How come that your habits can be both, friends and enemies?
Habits drive our life. More than 80% of what we do every single day is based on habitual action. This is true for the good habits we all have which support us in all positive and productive action. However, it is as much fact for any bad habits we may have that do not necessarily result into positive outcomes. The reality is that anything we act on habitually we do very well and actually also very efficient.
What does this mean in the context of personal development and improvement?
Considering the fact that 80% of our daily actions are habitual the low hanging fruits in personal development are to deal with our habits, the good ones helping us to progress, the bad ones holding us back and those that we potentially should have but have not developed yet. A key observation comes to mind: Habits are not genetically inherited, they are acquired over time through consistent repetition. To enhance them, change them and make them work for us requires diligent effort, purposeful planning and thorough follow through. Uncompromising self-discipline is a significant factor in managing our habits towards positive results and many of us recognize the need for help and support in such an endeavor from a qualified coach.
What could be a valid process to alter and manage habits for success?
The recipe to achieve habit positive development is simple and it comes in the form of a few three step process modules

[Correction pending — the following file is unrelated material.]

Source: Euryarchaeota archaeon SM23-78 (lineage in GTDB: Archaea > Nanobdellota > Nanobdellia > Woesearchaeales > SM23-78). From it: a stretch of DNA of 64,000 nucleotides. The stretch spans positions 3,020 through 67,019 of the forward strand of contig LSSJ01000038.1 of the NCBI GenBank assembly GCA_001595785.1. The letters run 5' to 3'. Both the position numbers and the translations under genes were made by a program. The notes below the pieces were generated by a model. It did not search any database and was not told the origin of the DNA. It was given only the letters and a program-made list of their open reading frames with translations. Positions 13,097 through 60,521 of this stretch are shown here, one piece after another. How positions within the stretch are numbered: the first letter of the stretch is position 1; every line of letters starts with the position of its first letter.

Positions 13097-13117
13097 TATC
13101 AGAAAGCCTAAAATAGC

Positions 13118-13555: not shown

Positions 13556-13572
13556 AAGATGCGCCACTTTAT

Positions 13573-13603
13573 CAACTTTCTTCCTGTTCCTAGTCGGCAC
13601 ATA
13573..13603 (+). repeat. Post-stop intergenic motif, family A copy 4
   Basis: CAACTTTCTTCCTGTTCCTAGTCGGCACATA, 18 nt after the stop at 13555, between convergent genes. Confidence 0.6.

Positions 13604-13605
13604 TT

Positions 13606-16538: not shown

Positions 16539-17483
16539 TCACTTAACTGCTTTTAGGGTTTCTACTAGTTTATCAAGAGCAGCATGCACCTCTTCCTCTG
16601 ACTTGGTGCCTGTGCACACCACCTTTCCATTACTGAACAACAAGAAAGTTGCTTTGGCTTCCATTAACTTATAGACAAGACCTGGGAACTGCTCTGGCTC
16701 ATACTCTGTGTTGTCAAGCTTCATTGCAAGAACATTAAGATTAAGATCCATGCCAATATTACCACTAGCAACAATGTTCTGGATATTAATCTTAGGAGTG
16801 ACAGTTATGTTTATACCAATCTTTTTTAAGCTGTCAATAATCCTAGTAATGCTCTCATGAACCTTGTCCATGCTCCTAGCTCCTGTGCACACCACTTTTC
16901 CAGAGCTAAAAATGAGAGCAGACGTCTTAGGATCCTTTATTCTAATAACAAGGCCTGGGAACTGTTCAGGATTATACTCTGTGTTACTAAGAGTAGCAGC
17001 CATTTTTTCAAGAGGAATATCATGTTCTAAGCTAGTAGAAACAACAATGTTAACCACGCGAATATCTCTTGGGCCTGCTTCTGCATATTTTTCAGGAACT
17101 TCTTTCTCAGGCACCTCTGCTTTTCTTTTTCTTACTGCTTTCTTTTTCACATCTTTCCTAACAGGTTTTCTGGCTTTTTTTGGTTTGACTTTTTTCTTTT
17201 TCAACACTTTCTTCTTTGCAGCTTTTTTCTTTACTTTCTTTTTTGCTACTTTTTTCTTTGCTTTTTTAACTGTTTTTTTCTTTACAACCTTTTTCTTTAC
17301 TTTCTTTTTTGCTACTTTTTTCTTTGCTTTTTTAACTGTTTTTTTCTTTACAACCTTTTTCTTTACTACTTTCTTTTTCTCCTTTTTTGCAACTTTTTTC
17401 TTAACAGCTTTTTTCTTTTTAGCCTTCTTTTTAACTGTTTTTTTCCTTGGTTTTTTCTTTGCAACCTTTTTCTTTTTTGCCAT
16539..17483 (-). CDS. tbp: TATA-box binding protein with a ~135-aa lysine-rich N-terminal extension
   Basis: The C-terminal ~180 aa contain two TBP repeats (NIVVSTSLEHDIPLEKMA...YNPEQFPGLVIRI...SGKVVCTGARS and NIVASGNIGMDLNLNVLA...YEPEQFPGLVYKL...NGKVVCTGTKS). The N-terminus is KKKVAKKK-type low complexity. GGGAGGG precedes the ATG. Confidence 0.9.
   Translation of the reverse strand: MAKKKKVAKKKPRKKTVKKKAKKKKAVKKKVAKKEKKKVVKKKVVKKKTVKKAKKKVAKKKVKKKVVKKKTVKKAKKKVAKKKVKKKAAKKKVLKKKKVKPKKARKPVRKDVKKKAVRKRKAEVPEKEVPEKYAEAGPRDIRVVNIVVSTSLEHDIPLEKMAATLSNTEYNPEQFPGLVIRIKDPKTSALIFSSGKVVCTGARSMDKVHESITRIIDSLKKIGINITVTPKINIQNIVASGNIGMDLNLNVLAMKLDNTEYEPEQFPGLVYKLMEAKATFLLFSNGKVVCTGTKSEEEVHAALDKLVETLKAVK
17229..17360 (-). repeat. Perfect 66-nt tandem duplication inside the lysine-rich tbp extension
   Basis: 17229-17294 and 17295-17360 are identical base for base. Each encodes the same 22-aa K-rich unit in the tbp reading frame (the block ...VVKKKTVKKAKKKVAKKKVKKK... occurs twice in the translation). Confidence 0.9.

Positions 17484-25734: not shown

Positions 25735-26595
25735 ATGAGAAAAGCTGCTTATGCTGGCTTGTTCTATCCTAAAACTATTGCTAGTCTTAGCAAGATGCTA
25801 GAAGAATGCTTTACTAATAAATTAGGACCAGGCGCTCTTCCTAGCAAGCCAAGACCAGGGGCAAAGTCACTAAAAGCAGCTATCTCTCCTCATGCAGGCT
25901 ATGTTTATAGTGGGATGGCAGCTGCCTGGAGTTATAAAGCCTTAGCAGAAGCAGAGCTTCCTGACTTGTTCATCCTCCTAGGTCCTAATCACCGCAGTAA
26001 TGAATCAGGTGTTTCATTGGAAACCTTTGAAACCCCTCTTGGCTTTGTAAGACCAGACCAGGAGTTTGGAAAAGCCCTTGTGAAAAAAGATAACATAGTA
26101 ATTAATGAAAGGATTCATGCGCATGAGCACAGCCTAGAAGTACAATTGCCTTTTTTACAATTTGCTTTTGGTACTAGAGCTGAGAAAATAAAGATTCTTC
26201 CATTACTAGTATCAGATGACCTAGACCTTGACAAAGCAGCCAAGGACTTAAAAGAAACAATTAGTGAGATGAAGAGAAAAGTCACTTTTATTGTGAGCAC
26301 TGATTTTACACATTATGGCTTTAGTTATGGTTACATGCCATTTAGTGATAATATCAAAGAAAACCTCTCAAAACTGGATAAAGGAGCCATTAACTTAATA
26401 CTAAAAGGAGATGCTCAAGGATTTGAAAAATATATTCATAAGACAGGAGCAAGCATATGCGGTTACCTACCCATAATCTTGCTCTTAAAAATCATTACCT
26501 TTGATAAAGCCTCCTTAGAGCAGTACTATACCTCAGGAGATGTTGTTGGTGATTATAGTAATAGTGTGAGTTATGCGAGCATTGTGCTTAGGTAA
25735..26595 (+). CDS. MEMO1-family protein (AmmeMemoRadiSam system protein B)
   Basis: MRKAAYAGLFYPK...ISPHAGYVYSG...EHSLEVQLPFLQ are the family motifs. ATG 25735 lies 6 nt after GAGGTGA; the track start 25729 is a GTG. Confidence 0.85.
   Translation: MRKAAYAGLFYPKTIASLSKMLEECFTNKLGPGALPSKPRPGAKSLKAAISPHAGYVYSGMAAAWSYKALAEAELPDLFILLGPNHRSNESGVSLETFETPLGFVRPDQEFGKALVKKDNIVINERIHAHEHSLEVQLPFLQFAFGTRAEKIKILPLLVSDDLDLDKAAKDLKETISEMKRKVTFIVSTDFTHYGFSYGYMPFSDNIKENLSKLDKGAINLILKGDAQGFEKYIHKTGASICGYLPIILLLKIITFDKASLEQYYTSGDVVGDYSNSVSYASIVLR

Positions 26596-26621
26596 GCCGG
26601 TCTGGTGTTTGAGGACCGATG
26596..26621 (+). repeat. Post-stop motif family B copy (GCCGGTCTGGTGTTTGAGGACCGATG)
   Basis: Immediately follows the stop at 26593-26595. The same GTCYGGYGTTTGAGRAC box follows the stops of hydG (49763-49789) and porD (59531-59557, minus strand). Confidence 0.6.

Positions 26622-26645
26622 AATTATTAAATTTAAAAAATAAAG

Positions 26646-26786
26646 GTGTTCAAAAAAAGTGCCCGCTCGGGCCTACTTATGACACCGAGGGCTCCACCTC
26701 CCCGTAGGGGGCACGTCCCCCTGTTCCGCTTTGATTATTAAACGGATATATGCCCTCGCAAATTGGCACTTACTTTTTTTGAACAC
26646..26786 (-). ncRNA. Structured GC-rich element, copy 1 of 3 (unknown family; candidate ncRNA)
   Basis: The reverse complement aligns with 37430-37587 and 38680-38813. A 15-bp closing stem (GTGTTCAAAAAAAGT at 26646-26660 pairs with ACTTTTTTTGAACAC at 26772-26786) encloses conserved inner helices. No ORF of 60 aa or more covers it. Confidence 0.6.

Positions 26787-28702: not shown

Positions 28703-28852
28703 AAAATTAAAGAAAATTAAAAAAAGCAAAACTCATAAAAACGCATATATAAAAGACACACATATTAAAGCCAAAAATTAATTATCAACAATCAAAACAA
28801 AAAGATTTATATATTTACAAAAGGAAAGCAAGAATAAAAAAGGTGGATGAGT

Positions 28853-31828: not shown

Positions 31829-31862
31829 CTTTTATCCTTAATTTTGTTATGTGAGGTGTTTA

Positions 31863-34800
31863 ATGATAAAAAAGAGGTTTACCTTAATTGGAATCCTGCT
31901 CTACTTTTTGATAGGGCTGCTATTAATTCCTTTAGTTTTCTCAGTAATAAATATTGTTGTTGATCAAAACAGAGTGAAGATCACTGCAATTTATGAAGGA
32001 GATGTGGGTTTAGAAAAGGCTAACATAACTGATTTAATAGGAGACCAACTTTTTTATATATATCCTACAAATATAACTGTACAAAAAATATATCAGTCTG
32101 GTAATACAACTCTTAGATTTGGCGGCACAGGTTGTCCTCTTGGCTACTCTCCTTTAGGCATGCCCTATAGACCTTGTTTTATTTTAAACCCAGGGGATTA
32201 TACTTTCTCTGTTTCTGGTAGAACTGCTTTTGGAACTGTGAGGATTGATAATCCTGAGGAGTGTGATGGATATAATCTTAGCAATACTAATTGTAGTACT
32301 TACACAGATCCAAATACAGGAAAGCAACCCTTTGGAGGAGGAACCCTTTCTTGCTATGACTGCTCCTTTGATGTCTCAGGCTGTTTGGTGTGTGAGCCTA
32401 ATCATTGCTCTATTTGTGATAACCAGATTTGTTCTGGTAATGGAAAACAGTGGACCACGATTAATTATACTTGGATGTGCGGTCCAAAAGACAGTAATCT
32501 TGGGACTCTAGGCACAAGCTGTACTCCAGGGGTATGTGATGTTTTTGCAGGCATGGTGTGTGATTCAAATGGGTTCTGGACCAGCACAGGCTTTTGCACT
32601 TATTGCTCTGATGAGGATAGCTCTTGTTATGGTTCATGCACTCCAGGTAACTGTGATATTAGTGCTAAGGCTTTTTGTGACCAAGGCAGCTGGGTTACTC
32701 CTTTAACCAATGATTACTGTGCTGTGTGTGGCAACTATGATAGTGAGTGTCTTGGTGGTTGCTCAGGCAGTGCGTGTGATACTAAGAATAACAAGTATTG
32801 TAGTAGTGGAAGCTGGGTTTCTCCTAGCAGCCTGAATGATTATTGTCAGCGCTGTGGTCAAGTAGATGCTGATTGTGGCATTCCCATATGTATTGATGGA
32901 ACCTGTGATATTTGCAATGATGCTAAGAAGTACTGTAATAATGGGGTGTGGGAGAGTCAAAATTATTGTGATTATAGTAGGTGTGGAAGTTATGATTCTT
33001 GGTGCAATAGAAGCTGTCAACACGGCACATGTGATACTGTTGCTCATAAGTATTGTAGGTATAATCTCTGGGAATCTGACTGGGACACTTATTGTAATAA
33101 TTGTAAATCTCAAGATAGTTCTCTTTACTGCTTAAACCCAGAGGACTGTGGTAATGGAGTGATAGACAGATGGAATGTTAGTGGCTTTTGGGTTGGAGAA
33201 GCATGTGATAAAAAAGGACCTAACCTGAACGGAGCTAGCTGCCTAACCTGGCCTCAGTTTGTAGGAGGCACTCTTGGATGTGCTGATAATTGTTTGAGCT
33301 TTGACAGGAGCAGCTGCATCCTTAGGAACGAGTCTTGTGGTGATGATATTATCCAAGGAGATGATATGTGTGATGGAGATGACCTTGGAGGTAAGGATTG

- Identifying and documenting a list of all the good habits one has already established.
- The same step has to be implemented for the bad habits one has unfortunately internalized and this step requires uncompromising self-honesty.
- Come up with a list of desired habits not yet established that will help to further better outcomes.
There is one little caveat to consider. There is the accepted concept of “blind spots” everyone inherently has. These are areas in our habitual behavior we do not see, recognize or understand hence will be unable to address without outside support. These areas are called blind spots because we are blind to them. The good thing is other people, especially a trained coach, can see them and can help to make them visible to the individual in question.
When the first three step module is completed one can enter the next phase of dealing with the habits. Again, my recommendation is another three step module for each habit category.
- Prioritizing based on importance to your progress, the impact on your desired results and lowest necessary effort to execute.
- Chose the three top items on the list and develop a written plan for execution. Make sure the defined goal is SMART (Specific, Measurable, Achievable, Reasonably high and Time specific). A SMART goal statement must meet all 5 criteria.
- Set your plan into action by picking the one you feel you can achieve in the shortest time with the lowest effort to create quick success stories for yourself. Remember, success breeds success and much of this process has to do with strong believe in yourself!
Once the first goal plan is instituted and you maintain continuous repetition you may want to add the next goal plan to your agenda and continue to do so diligently one at the time – maybe on a weekly basis. To make things easier on yourself you could start with a good habit you already have and purposefully enhance it to strengthen your results before talking bad habits which will take much more effort and discipline to create the change you desire.
After some time you will find yourself getting into a routine (aka habit!) of systematic habit changing! After all you will also begin to see outcomes materializing that you did not see before or would not have thought possible in the first place.
If you want to make this endeavor produce results quicker and more efficient engage with a qualified professional coach. Good luck!